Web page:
Blood, lymph fluid and other biological liquids can have surprising and sometimes troubling properties. Many of these biological solutions are non-Newtonian fluids, a type of liquid that is characterized by a non-linear relationship between stress and strain. Consequently, non-Newtonian fluids don’t necessarily behave as one would expect from a liquid. For example, some of these peculiar fluids deform when touched lightly but will act almost as a solid when a strong force is applied.

And biological solutions are no exception when it comes to unique properties—one of them being elastic turbulence. A term that describes the chaotic fluid motion that results from adding polymers in small concentrations to watery liquids. This type of turbulence exists only in non-Newtonian fluids.

Its counterpart is classical turbulence, occurring in Newtonian fluids, for example in a river when the water at high speed flows past a bridge’s pillar. While mathematical theories exist to describe and predict classical turbulence, elastic turbulence yet awaits such tools despite their importance for biological samples and industrial applications.

“This phenomenon is important in microfluidics, for example when mixing small volumes of polymeric solutions which can be difficult. They don’t mix well because of the very smooth flow,” explains Prof. Marco Edoardo Rosti, head of the Complex Fluids and Flows Unit.

So far, scientists have thought of elastic turbulence as completely different from classical turbulence, but the Lab’s publication in the journal *Nature Communications* might change this view. Researchers from OIST worked collaboratively with scientists from TIFR in India and NORDITA in Sweden to reveal that elastic turbulence has more in common with classical Newtonian turbulence than expected.

“Our results show that elastic turbulence has a universal power-law decay of energy and a so far unknown intermittent behavior. These findings allow us to look at the problem of elastic turbulence from a new angle,” explains Prof. Rosti. When describing a flow, scientists often use a velocity field. “We can look at the distribution of velocity fluctuations to make statistical predictions about flow,” says Dr. Rahul K. Singh, the publication’s first author.

When studying classical Newtonian turbulence, researchers measure velocity over the entire flow and use the difference between two points to create a velocity difference field.

“Here we measure velocity at three points and compute the second differences. First, a difference is computed by subtracting fluid velocities measured at two different points. We then subtract two such first differences yet again, which gives us the second difference,” explains Dr. Singh.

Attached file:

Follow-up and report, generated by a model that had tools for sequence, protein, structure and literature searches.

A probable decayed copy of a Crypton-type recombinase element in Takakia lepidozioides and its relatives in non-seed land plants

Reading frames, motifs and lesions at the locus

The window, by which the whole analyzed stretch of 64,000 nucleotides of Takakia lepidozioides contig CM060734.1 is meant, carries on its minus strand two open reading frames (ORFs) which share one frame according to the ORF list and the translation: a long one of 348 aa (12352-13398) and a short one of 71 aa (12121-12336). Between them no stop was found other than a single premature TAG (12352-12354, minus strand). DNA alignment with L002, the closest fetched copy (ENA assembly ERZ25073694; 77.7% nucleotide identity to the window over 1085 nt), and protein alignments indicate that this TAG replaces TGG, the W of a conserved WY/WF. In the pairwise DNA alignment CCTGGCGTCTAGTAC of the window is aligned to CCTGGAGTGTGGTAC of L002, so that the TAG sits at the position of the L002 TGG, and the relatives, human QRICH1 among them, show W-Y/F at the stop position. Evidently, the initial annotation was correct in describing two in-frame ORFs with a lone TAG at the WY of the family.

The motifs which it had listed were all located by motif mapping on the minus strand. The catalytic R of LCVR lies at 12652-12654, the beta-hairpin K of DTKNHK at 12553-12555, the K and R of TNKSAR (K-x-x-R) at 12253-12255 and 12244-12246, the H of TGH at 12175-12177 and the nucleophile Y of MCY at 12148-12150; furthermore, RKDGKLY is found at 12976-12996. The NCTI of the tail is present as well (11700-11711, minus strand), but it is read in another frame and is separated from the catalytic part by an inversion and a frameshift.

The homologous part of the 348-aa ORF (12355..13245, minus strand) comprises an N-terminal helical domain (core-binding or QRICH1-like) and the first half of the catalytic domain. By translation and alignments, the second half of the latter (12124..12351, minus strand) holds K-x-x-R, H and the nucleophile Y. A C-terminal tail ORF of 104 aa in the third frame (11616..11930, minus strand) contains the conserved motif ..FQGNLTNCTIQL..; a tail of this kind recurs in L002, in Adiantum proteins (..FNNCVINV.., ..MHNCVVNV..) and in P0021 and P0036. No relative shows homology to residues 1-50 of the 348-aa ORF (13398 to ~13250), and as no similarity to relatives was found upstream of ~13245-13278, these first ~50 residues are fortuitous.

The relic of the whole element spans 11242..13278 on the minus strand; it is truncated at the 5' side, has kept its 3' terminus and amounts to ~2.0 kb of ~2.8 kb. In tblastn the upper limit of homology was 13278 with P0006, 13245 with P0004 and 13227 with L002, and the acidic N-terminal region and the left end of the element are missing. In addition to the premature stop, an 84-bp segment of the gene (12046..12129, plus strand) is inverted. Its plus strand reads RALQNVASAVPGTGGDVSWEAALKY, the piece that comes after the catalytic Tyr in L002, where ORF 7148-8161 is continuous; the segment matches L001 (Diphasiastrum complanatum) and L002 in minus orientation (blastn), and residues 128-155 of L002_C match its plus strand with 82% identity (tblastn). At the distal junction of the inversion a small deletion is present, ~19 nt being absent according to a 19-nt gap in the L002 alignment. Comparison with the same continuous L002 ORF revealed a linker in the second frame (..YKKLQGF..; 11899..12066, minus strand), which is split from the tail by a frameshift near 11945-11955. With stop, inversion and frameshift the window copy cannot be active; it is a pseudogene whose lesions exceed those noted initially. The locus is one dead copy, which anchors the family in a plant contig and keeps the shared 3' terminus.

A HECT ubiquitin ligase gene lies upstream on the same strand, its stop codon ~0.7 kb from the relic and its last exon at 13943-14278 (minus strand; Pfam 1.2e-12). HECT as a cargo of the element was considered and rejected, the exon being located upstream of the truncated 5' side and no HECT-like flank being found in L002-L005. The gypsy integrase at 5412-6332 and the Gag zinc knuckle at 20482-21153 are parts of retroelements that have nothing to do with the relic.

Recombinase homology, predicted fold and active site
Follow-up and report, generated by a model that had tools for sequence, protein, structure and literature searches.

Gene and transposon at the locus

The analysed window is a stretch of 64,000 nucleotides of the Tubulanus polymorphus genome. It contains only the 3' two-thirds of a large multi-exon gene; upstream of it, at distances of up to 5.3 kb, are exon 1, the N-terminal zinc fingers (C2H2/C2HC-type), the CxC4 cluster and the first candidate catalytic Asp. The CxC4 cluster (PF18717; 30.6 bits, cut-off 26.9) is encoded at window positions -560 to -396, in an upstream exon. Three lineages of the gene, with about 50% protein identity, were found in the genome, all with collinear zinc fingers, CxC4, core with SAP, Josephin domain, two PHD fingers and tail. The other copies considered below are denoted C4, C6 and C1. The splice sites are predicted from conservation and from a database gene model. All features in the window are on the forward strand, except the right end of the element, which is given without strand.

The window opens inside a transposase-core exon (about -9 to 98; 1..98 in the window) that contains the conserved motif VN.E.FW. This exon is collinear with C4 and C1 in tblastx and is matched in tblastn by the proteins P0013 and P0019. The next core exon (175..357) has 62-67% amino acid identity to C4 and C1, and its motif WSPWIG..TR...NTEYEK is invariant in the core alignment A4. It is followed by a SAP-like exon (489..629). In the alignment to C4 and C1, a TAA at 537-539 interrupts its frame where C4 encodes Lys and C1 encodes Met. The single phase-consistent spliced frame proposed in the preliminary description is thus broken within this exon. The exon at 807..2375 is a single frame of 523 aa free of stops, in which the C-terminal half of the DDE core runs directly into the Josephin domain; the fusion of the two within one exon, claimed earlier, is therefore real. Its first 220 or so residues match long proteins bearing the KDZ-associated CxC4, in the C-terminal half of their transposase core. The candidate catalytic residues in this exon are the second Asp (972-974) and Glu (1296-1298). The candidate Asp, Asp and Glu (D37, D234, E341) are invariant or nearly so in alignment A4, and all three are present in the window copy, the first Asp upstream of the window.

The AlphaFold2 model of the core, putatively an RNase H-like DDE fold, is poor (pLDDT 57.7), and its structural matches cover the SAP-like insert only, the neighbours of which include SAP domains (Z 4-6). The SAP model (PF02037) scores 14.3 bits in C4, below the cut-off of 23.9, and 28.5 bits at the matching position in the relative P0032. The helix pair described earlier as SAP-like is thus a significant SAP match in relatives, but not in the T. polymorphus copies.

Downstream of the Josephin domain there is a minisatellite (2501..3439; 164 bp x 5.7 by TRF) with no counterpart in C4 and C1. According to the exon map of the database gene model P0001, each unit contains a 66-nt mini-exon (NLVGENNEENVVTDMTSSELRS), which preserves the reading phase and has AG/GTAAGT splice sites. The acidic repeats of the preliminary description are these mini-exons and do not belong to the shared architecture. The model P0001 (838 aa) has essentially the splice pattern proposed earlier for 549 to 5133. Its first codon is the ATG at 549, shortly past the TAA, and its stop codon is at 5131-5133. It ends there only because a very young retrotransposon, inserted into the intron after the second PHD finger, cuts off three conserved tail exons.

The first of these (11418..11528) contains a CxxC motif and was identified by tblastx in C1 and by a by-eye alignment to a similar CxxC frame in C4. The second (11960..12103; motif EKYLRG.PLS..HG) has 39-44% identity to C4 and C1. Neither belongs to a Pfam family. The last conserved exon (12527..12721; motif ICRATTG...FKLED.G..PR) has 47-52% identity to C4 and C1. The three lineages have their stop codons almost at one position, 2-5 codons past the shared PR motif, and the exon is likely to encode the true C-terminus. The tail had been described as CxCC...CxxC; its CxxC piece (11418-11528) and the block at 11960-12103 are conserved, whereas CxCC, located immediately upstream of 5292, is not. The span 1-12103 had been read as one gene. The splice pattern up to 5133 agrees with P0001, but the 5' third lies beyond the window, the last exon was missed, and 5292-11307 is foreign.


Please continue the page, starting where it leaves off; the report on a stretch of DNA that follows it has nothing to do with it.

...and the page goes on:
This type of research came with an additional challenge—running these complex simulations requires the power of advanced supercomputers. “Our simulations sometimes run for four months and output a huge amount of data,” says Prof. Rosti.

This added level of detail led to a surprising finding—that the velocity field in elastic turbulence is intermittent. To illustrate what intermittency in flow looks like, Dr. Singh uses the electrocardiogram (ECG) as an example.

“In an ECG measurement the signal has small fluctuations interrupted by very sharp peaks. This sudden large burst is called intermittency,” says Dr. Singh.

In classical fluids, such fluctuations between small and very large values had already been described but only for turbulence that occurs at high flow speeds. The researchers were surprised to now find the same pattern in elastic turbulence occurring at very small flow speeds. “At these low speeds we did not expect to find such strong fluctuations in the velocity signal,” says Dr. Singh.

Their findings are not only a big step towards a better understanding of the physics behind low velocity turbulence but also lay the foundations for developing a complete mathematical theory describing elastic turbulence. “With a perfect theory, we could make predictions about the flow and design devices that can alter mixing of liquids. This might be useful when working with biological solutions,” says Prof. Rosti.

**More information:**

Rahul K. Singh et al, Intermittency in the not-so-smooth elastic turbulence, *Nature Communications* (2024). DOI: 10.1038/s41467-024-48460-5

Provided by

Okinawa Institute of Science and Technology

**Citation**:

Scientists reveal elastic turbulence has more in common with classical Newtonian turbulence than expected (2024, May 27)